— Signal intentions and look before changing lanes.

— Use caution at intersections looking both ways before crossing or turning.

— Wear a state Department of Transportation-approved helmet, reflective gear and bright colors when riding.

— Evaluate your surroundings.

— Drive/ride aware and alert.

— Allow plenty of room between vehicles and avoid blind spots.

It should also be noted that motorcycle rallies and meet-ups often involve alcohol. As dangerous as it is to drink and drive a car, it is even more dangerous to operate a motorcycle while drunk or buzzed. Just don’t do it.

Motorcycle riders are encouraged to take a safety course at one of the Georgia Motorcycle Safety Program-approved sites and to refresh skills and knowledge regularly. More information is available at www.dds.georgia.gov.

Ride safely.


Brunswick News. May 2, 2024.

Editorial: Recent bills should be encouraging for parents

Parents will applaud two measures passed by the Georgia General Assembly this year and signed into law recently by Gov. Brian Kemp. One substantially increases fines for reckless motorists who pass stopped school buses and the other targets the fiends who peddle fentanyl-laced drugs on the street.

Under House Bill 409, also known as Addy’s Law, passing a stopped school bus when the stop arm is out while it’s loading or unloading children is now classified as a high and aggravated misdemeanor. The penalty for violators is no less than $1,000, 12 months in jail or both.

The law is named after 8-year-old Adalynn Pierce of Henry County. A motorist who failed to comply with the stop signal struck the girl while she was in the process of boarding the bus. Adalynn never recovered. She died in the hospital from her injuries two days later.

The law also asks school systems to establish routes that do not require students to cross roadways where the speed limit is 40 mph or higher. Given the reckless tendencies of some motorists, this should have been a rule a long time ago.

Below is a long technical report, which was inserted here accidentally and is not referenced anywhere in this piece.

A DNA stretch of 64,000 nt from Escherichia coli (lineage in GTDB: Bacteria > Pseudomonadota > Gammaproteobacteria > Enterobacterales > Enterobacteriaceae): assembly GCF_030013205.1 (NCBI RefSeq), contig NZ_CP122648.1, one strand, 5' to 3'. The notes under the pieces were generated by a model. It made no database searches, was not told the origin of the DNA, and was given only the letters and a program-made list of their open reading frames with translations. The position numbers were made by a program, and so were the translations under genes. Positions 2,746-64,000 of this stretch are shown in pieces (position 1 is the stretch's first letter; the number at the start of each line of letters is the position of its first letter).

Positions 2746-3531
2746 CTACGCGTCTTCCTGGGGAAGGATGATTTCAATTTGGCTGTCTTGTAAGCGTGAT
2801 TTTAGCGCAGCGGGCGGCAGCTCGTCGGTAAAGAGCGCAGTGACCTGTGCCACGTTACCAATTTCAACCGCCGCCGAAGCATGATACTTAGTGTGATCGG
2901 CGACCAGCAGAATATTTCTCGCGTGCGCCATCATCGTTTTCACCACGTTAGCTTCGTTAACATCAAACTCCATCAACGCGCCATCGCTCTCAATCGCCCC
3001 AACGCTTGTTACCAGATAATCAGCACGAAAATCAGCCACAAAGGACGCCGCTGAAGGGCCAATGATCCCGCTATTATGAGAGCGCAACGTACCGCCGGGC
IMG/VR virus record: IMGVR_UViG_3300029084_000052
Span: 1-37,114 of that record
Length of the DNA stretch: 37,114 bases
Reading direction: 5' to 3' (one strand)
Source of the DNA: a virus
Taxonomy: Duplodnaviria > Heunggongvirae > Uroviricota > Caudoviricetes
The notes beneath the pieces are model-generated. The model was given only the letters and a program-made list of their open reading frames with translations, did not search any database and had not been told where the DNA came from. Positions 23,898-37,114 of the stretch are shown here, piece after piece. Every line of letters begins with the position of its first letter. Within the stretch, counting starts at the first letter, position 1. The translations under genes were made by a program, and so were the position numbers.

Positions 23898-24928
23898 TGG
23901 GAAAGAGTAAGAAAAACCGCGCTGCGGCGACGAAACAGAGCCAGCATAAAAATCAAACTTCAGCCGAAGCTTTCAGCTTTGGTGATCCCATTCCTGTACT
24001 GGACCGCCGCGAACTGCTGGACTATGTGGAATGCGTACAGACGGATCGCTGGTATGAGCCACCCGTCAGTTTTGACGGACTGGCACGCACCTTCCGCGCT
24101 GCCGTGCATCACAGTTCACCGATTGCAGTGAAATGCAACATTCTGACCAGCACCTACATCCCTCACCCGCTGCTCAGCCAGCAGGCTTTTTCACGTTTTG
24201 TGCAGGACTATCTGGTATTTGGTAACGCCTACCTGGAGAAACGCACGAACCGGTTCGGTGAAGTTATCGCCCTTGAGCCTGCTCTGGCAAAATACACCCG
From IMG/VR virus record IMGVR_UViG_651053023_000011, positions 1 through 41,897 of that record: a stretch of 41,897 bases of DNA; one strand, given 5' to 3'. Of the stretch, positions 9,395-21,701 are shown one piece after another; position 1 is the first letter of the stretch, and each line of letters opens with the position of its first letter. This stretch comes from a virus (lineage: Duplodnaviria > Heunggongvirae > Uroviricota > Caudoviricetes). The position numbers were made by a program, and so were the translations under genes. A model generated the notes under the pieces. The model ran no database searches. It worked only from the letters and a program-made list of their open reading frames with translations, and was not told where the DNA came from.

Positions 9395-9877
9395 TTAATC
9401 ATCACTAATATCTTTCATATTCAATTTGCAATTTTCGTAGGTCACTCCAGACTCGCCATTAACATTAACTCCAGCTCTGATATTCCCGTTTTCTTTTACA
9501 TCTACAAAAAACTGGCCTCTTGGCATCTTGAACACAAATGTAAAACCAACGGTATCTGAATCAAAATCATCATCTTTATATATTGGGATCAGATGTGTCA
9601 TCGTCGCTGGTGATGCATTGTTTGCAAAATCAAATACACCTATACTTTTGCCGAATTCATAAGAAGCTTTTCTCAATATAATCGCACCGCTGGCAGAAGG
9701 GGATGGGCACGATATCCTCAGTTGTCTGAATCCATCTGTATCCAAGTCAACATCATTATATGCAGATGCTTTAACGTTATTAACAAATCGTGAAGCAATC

Traffic is not getting any lighter on Georgia’s highways. That certainly is the case here in Brunswick and the Golden Isles. Growing populations create more traffic and more hazards for children. Hopefully the school system will eliminate any potentially dangerous zones and our traffic courts will hand out the maximum penalty to motorists who play Russian roulette with the lives of the community’s sons and daughters.

The other law signed by Gov. Kemp, Senate Bill 465, also known as Austin’s Law, would charge those who cause an individual’s death by manufacturing or selling a substance containing fentanyl with aggravated involuntary manslaughter. Fentanyl, a synthetic opioid that is said to be 50 times more powerful than heroin, continues to claim lives across the nation.

According to the Georgia Department of Public Health, drug overdose deaths increased by 61% and fentanyl-involved overdose deaths increased by 230% from 2019 to 2021. It’s not getting any better, either. Even a small amount of fentanyl in street drugs can trigger an overdose.

The law is named for Austin Waters of Lowndes County. He died in September 2021 after ingesting a Xanax he had purchased on the street that had been spiked with fentanyl. His father said his son was unaware of the presence of fentanyl.

Given fentanyl’s grim statistics and its use as an additive in street drugs, people who manufacture and peddle this deadly combination are getting off lightly. Austin’s Law provides a penalty of one to 10 years in prison.

Ten years is not enough, but it is a start.